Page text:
The PJC has made a sensible decision and I hope it can serve to cool things down among those who are trying to leave the denomination as well as those who are trying to parse authoritative interpretations in such a way as to change the Constitution with submitting amendments to the Presbyteries for up-or-down votes.

NOTE: I first saw this a couple hours ago on the Presbyweb site, but no details were given. It seems that Hans Cornelder is in the hospital. I sure he could use our prayers.

Tuesday, February 12, 2008

UCLA stem cell scientists reprogram human skin cells into embryonic stem cells

UCLA stem cell scientists reprogram human skin cells into embryonic stem cells:
"UCLA stem cell scientists have reprogrammed human skin cells into cells with the same unlimited properties as embryonic stem cells without using embryos or eggs.

Led by scientists Kathrin Plath and William Lowry, UCLA researchers used genetic alteration to turn back the clock on human skin cells and create cells that are nearly identical to human embryonic stem cells, which have the ability to become every cell type found in the human body. Four regulator genes were used to create the cells, called induced pluripotent stem cells or iPS cells.

The UCLA study confirms the work first reported in late November of researcher Shinya Yamanaka at Kyoto University and James Thompson at the University of Wisconsin. The UCLA research appears Feb. 11, 2008, in an early online edition of the journal Proceedings of the National Academy of the Sciences.

The implications for disease treatment could be significant. Reprogramming adult stem cells into embryonic stem cells could generate a potentially limitless source of immune-compatible cells for tissue engineering and transplantation medicine. A patient’s skin cells, for example, could be reprogrammed into embryonic stem cells. Those embryonic stem cells could then be prodded into becoming various cells types – beta islet cells to treat diabetes, hematopoetic cells to create a new blood supply for a leukemia patient, motor neuron cells to treat Parkinson’s disease. ..."
It's good to see this kind of research producing results. There is much to do before this translates into effective therapy, but some major hurdles are being overcome. It wasn't that long ago that many researchers were claiming that it was impossible to do what is now being reported.

Sunday, February 10, 2008

This Samaritan Life | Christianity Today

This Samaritan Life | Christianity Today:
"... Gospel-writer Luke tells us of the Samaritan village that refused hospitality to Jesus and his followers. Why? Because they were Passover pilgrims headed for Jerusalem. Samaritans didn't like Jews doing their Jewish thing. James and John took the inhospitality for a religious affront; in fact, they were ready to firebomb the village (Luke 9:51–56). These groups had a familiarity that bred suspicion and mutual grudges.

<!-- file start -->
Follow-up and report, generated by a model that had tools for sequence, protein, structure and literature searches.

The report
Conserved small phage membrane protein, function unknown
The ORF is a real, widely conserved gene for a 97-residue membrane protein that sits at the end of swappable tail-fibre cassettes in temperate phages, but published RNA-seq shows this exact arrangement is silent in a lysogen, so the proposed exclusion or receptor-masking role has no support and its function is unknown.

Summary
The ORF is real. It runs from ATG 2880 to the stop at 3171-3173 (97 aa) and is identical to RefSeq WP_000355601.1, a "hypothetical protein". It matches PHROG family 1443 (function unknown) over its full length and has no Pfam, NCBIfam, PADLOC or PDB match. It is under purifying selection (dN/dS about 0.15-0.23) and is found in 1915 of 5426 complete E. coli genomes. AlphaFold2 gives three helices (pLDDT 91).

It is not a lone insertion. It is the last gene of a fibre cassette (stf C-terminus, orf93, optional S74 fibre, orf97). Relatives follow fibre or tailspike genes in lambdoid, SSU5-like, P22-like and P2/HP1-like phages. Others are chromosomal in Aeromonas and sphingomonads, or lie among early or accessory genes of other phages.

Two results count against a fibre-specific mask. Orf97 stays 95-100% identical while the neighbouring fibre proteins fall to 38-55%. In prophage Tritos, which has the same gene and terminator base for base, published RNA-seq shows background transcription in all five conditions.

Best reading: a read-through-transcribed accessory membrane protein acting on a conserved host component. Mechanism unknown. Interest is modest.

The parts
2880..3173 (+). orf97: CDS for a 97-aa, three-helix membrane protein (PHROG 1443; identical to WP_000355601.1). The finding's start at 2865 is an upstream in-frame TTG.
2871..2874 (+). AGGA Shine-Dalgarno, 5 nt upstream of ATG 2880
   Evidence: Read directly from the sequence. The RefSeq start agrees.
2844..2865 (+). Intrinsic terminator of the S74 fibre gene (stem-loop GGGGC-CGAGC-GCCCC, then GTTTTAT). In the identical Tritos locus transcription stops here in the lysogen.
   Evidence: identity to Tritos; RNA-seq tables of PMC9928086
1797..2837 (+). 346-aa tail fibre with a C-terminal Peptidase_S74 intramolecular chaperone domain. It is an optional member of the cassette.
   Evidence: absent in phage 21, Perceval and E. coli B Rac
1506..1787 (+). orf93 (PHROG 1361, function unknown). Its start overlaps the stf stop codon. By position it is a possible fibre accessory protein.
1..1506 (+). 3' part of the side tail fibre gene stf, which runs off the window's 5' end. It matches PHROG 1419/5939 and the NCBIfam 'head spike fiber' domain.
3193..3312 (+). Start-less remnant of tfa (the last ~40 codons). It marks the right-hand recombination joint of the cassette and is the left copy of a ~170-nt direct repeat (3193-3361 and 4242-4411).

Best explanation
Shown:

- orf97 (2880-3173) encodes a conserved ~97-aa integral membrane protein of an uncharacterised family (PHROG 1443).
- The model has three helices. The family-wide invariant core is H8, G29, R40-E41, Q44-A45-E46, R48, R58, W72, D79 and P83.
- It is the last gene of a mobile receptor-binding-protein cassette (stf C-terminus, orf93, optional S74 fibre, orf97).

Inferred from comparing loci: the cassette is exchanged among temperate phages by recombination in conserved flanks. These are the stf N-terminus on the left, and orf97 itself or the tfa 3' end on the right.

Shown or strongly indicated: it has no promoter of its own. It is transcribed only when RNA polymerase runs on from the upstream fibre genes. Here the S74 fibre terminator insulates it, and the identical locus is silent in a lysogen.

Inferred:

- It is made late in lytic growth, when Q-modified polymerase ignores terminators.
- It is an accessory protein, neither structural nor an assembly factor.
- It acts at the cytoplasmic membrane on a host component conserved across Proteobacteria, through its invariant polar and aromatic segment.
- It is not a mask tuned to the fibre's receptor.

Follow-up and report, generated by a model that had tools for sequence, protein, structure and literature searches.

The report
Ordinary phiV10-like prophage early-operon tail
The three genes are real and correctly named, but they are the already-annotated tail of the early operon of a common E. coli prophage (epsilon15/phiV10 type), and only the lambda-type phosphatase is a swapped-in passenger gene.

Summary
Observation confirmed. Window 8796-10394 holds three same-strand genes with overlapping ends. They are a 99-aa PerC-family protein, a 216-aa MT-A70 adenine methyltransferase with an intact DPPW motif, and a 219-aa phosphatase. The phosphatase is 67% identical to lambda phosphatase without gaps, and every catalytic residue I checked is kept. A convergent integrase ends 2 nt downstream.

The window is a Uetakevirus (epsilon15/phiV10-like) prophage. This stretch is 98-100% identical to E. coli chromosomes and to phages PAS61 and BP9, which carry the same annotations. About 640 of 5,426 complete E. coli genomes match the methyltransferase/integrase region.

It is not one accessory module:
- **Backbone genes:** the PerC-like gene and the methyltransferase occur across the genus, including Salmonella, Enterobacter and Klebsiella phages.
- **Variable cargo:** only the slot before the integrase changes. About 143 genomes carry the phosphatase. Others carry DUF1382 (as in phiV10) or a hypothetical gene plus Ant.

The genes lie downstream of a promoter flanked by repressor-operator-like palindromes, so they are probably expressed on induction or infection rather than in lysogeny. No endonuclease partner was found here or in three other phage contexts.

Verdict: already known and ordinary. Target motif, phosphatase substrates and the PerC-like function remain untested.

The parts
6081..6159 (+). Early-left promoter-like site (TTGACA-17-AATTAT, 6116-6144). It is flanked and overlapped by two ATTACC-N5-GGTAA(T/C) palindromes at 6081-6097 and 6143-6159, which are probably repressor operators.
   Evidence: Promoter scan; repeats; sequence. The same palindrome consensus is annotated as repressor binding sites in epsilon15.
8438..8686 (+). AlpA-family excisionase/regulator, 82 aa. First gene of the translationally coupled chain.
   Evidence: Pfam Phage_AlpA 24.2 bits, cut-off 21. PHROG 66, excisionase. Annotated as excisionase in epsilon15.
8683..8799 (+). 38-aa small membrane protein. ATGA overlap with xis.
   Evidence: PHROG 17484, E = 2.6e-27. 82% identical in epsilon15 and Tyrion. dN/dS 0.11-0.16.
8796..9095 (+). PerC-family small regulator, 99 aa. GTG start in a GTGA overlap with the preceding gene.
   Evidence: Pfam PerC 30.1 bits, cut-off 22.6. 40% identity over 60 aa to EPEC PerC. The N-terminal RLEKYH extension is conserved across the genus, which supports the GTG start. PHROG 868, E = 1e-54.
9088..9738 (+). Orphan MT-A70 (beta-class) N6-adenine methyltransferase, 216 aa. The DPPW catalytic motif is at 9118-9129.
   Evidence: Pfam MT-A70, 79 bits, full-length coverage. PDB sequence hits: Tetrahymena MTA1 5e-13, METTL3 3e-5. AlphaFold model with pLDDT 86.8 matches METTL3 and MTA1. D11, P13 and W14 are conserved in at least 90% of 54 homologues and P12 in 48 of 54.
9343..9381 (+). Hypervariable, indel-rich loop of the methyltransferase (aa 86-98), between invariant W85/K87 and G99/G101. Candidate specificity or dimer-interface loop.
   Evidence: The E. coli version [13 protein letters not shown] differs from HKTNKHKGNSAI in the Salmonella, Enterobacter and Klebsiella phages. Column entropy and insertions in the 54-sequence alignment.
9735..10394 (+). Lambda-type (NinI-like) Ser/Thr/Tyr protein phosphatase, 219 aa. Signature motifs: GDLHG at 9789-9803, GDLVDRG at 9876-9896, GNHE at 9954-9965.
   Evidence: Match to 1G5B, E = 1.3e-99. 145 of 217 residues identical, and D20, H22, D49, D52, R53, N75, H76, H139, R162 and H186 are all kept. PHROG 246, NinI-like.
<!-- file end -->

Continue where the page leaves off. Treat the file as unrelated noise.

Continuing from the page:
So I sometimes find life in America. The problem is not that my religion is strange. The problem is that my religion is familiar. Like Samaritans and Jews, Christians and non-Christians have a partly shared worldview (our Western traditions, which include the Bible), a shared point of origin (Christendom), and well-defined points of contention (the exclusivity of Christ). We are familiar with what each other believes. We're suspicious of one another. So we start off with a grudge. ..."
Tim Stafford, a senior writer for Christianity Today, has written a good explanation of why Christians are the subject of much scorn and dislike, even in a nation that was founded by people who adhered to Christian principles.

He starts by reacting to a common belief that, metaphorically, we live in Babylon with all its attendant issues of just how we are to worship the Lord in a strange land. Tim Stafford suggest that, no, we live rather in Samaria. We live among people who have some knowledge of where we are coming from, and we have some knowledge of what drives them.

Without saying as much, Stafford provides evidence of what many conservatives have suspected for a long time -- that bigotry and discrimination directed against Christians (and specifically more conservative Christians) is acceptable in the larger society.

James and John were so indignant they wanted to carpet-bomb the hapless Samaritan village. I suppose it was not for nothing that Jesus called these two the "Sons of Thunder." But Jesus had a different approach -- walk to the next village and see how they were received. Jesus chose a way that was not quite a confrontational as his disciples might have preferred. Rather he chose to engage individual people, and some the the first converts were Samaritans.

Personally, I would take Tim Stafford's approach a little farther. Some of the most bitter attacks on Christians come not from secular society, but from within the Church. One does not need to look beyond the PC(USA) to see examples of what, in a secular context, would be described as "hate speech". It's something we need to work on.

A personal note: Reading Tim Stafford's writing is always a pleasure. I taught at Sterling College (Kansas) from 1977-1979 and the pastor at the Sterling Presbyterian Church was Tim's father, the late Chase Stafford, who in 1981 presided at my wife and my wedding. We had the opportunity to meet Tim while he was home for a visit. If memory serves, he was working with InterVarsity at the time.

Tuesday, February 05, 2008

Requiring Photo ID Has Little Effect on Voter Turnout, MU Study Finds | MU News Bureau

Requiring Photo ID Has Little Effect on Voter Turnout, MU Study Finds | MU News Bureau:
"COLUMBIA, Mo. – With the 2008 Presidential election less than a year away, many states are working to require photo identification from all voters in an attempt to curb illegal voting. Critics argue that the requirement is unconstitutional and will ultimately reduce participation in elections. However, a recent study of Indiana’s photo ID law, conducted by a University of Missouri professor, found that requiring identification doesn’t have much impact on voter turnout rates. ..."